Sonia Gandhi, the high command of the so-called Congress high command has been president of the Congress for ten long and continuous years. That is longer than any presidential life that any Congress leader in the past has lived. That by itself is a record of sorts. In the first place it shows that there is no one in the Congress fold who has the stature to be president of the party. Sitaram Kesari who was unceremoniously thrown out was an embarrassment. And there was none in the party of headless chicken who had an all-India stature. Inevitably, they had to run to Sonia Gandhi to wear the mantle which, reportedly she did with great reluctance. The reluctance has apparently faded. In recent days there has been a spate of articles describing Sonia Gandhi'srole in the past decade, not always flattering.
Neerja Chowdhury writing in The Indian Express (March 17, 2008) noted that while Sonia Gandhi is ?the undisputed leader of the Congress with no challenge to her leadership? and has been ?wielding unquestioned power in the party and the government?, she is not able ?despite her power and authority to revive the Congress? and ?it shows how morally exhausted the party is?. Added Chowdhury: ?The dynastic principle can only bail it out up to a point of it being a holding operation, which is what it has been under her stewardship? noting that ?Sonia Gandhi will have to involve people at a wide level, the dynamic, the dispossessed and the dissenting to rejuvenate the party.?
Girish Nikam, also writing in the Indian Express (March 14) pointed out that ?as Sonia the leader, her record is not impeccable? and that ?one of the biggest complaints against her within her own party has been that she has refused to wield authority?. Is that so? Yes, writes Nikam ?Sonia seems to be made of a different mould?. Apparently Sonia's?flavour of the season? is Veerappa Moily and Prithviraj Chavan, with Ahmed Patel, her political advisor ?being the man for all seasons?.
Nikam thinks Sonia Gandhi ?seems far more confident? and shows ?none of that nervousness and anxiety which ruled her once? ten years ago.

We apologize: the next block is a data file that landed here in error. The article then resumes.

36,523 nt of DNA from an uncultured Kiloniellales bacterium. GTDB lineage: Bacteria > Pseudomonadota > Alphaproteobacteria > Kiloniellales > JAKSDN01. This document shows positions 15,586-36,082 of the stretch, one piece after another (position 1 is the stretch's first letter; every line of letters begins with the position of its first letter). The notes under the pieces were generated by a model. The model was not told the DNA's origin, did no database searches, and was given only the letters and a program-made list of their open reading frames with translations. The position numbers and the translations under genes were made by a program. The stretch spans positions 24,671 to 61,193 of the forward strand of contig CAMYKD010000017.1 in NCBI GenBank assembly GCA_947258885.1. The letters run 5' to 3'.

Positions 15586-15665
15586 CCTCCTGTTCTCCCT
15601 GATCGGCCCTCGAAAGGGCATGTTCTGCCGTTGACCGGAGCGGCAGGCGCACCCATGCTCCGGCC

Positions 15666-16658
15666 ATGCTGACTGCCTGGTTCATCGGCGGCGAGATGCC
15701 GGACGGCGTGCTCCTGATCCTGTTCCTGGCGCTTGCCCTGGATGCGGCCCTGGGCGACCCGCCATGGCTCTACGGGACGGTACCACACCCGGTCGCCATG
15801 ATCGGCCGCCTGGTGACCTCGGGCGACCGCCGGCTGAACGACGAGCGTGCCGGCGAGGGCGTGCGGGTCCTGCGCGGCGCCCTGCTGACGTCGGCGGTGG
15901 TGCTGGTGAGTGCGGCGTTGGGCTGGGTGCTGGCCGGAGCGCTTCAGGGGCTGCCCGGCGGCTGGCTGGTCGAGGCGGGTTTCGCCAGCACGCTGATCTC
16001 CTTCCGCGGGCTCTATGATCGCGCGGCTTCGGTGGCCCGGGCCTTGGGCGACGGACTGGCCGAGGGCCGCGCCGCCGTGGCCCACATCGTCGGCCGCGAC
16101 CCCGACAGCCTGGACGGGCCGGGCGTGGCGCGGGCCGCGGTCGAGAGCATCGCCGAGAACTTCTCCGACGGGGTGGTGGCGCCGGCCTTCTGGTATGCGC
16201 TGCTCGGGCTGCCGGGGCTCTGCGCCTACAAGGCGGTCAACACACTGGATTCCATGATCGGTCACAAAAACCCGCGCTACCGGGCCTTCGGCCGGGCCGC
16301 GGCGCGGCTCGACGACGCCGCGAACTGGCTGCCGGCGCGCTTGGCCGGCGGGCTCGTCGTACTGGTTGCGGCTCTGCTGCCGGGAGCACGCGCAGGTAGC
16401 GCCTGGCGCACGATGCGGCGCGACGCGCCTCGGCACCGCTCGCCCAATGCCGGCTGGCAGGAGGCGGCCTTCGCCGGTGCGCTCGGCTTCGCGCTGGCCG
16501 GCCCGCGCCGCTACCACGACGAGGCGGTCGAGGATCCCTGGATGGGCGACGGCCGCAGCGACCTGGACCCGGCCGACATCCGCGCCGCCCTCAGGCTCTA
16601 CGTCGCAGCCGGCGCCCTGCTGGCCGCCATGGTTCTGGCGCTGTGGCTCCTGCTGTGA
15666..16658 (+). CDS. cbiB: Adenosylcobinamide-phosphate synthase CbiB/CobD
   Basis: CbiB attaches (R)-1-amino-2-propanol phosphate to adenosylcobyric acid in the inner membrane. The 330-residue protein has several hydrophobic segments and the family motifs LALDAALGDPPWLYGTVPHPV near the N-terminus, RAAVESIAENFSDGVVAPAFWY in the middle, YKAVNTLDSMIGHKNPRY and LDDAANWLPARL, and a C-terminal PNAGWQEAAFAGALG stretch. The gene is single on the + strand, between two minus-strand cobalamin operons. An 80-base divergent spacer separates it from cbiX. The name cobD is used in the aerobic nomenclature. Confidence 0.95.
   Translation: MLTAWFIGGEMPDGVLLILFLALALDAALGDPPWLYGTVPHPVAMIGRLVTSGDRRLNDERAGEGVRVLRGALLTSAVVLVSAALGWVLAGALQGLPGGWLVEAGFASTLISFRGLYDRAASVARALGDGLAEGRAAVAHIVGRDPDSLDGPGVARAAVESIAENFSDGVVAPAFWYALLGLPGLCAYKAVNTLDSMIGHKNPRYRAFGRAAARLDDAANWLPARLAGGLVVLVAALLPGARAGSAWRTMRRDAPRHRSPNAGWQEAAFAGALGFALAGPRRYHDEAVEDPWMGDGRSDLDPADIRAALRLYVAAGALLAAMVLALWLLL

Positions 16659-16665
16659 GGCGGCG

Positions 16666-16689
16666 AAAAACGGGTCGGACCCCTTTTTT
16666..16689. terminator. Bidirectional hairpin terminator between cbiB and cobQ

Harish Khare, writing in The Hindu (March 12), tracing the history of Sonia Gandhi'sten years as Congress mascot gave her credit where he thought credit was due though adding that the ?win-votes-for-us burden has also prevented her from locating her ideological anchor in visionary ideas?. ?The Congress in turn? according to Khare ?remains a happy stranger to innovative ideas and policy literacy?. Khare'ssumming up of Sonia Gandhi makes interesting reading. He writes: ?She is content to be a happy and cheerful conservative, unwilling to shake up her moribund party?. She remains a benevolent patriarch always willing to accommodate and reward bogus sycophant and family loyalists. Unable and unwilling to take harsh decisions… she has in effect delayed …realignment with a changed and changing India?. Having presided over the Congress with wisdom, Smt Gandhi needs to summon from within, the sagacity and foresight to put slowly on place, and exit strategy.? That is very subtly put. The question is; will she dare? And equally importantly, will the headless chicken which form her senior party membership let her go? She had, according to Khare, preferred individual loyalty in exchange for a putative Midas touch. That is obvious. One waits to knows what other commentators have to say about both Sonia Gandhi and the party she has led unchallenged for ten long years.